The main blockchain research body of the European Commission is positive the General Data Protection Regulation (GDPR) and blockchain can co-exist in harmony – but things will ultimately boil down to specific use cases and applications.
In a report published in October, The EU Blockchain Observatory and Forum argues GDPR compliance is fundamentally less about the technology itself, and more about how those technologies are put to use.
“Just like there is no GDPR-compliant Internet, or GDPR-compliant artifcial intelligence algorithm, there is no such thing as a GDPR-compliant blockchain technology,” the reports insists. “There are only GDPR-compliant use cases and applications.”
But what exactly does this mean? Let’s dive into it.
Blockchain under GDPR
For those unfamiliar, GDPR stipulates that users should have control over their data at all times.
Any company or system that fails to provide such control to its users is in direct opposition to the new regulation. But unlike standard centralized solutions, blockchains (especially permissionless ones) tend to be decentralized and immutable.
This creates an interesting conundrum for blockchain – and how it can ensure compliance with GDPR. According to the Observatory, there are three main points of tension:
- Determining obligations to data controllers and processors: while it is easy to identify who is responsible for processing GDPR-related data requests in the case of permissioned (private) blockchains, it is virtually impossible to do the same with permissioned blockchains, since the task of data processing is ultimately split between many independent validators (miners).
- Ensuring the anonymization of personal data: there are still no mechanisms that can guarantee users’ personal data will remain anonymous when recorded on the blockchain.
- Defining users’ rights: if GDPR is about giving users control over their data, then it is important to clarify what constitutes the removal or rectification of data in the case of blockchain.
To help blockchain entrepreneurs and businesses navigate away from potentially illegal use cases and applications, the report has outlined four ‘rule-of-thumb principles’ to consider.
For starters, the Observatory encourages every business to think really hard about whether blockchain suits its goal – and whether it adds value.
If that is indeed the case, the next suggestion is to avoid storing personal data on-chain, or use obfuscation methods to anonymize sensitive information. As an extension of this, the third tip is to collect personal data off-chain or on a permissioned blockchain, in order to ensure compliance with GDPR.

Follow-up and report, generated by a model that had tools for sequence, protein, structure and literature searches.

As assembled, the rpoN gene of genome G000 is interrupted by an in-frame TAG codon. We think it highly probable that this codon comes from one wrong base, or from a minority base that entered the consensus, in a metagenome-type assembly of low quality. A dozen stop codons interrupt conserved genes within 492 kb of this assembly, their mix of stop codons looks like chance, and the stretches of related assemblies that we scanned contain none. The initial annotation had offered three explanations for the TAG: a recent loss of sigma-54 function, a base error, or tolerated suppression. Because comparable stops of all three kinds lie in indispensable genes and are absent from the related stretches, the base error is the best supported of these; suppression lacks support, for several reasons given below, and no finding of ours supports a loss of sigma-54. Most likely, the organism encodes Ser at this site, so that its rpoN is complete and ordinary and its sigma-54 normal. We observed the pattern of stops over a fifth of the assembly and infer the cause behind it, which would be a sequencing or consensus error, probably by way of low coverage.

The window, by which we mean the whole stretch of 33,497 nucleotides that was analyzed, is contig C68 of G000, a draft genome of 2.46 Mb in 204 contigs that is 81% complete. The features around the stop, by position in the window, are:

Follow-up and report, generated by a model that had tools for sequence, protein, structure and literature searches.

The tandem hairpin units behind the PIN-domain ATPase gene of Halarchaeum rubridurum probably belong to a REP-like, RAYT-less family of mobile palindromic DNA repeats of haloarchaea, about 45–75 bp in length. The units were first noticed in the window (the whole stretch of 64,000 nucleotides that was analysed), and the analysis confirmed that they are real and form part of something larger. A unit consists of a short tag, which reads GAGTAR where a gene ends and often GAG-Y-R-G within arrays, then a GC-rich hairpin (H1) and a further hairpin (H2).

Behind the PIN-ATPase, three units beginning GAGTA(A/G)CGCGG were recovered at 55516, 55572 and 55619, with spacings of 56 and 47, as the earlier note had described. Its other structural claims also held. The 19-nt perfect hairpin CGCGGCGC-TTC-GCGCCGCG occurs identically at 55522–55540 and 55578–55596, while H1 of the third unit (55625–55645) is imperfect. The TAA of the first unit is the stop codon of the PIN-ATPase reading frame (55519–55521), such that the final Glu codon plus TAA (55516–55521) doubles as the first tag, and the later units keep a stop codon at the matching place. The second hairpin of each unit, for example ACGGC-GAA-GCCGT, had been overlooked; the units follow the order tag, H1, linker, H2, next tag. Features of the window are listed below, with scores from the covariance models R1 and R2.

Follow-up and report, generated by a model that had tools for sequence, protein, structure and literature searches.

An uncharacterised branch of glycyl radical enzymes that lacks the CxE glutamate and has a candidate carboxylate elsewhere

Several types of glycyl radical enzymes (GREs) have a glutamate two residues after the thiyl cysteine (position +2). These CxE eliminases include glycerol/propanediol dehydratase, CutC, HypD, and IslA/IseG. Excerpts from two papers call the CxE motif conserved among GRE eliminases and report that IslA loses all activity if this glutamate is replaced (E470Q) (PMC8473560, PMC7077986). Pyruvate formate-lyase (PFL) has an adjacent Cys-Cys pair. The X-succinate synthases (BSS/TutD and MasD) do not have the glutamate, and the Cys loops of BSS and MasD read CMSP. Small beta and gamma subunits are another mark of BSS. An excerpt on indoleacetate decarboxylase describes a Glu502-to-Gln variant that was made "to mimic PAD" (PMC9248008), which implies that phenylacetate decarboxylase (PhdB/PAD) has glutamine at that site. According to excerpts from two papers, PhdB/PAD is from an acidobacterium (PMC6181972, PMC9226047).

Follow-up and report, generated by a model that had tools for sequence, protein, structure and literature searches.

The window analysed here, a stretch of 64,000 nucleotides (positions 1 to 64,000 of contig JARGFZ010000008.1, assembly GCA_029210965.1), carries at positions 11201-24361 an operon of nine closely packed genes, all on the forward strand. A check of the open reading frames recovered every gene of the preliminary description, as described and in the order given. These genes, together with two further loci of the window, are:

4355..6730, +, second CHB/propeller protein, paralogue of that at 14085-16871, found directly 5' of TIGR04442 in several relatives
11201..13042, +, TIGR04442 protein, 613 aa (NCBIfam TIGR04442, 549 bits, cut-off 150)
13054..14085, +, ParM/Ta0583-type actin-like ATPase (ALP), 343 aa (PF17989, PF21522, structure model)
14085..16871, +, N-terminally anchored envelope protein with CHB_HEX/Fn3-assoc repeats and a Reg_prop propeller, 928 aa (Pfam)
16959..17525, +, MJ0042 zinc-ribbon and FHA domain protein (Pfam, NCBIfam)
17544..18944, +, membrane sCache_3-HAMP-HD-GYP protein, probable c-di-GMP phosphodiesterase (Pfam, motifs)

The last suggestion encourages businesses to always “innovate” and remain “transparent” with users. Unfortunately, the report does not elaborate on what this really means.
The big picture
The report is in no way legally binding, but the big takeaway is that European regulators (and GDPR) seem to suit permissioned blockchain models better than permissionless ones. Indeed, this is consistent with recent findings of researchers from the Queen Mary University of London and the University of Cambridge.
While the Observatory deliberately reiterates that GDPR won’t interfere with permissioned blockchains, things aren’t looking up for permissionless networks like Bitcoin.
“Public, permissionless blockchains represent the greatest challenges in terms of GDPR compliance, because of their extremely distributed nature,” the report reads. Unfortunately, none of those challenges are addressed at length.
Another curious highlight the report implies that businesses handling permissioned blockchains will ultimately be responsible for ensuring users have sufficient control over their data.
“In situations where application developers or consortiums act as intermediaries between individual users and blockchain networks, they will most likely be considered data controllers, and must ensure that they can carry out their obligations,” the report insists.
The Observatory is swift to note that its findings do not necessarily reflect the official stance of the European Commission. It further warns that it can’t guarantee the accuracy of the data references in the study.
So while initial findings suggests GDPR and blockchain don’t necessarily negate each other, the Commission has yet to come up with an official stance on the situation itself.
But there is one thing it is certain about: blockchain is no silver bullet.
“Another key element to consider is that blockchain technology is not the solution to every problem,” the Observatory concludes. “Entrepreneurs should not assume that using blockchain automatically makes an application more secure or cheaper, or that it automatically equates to data protection or privacy.”
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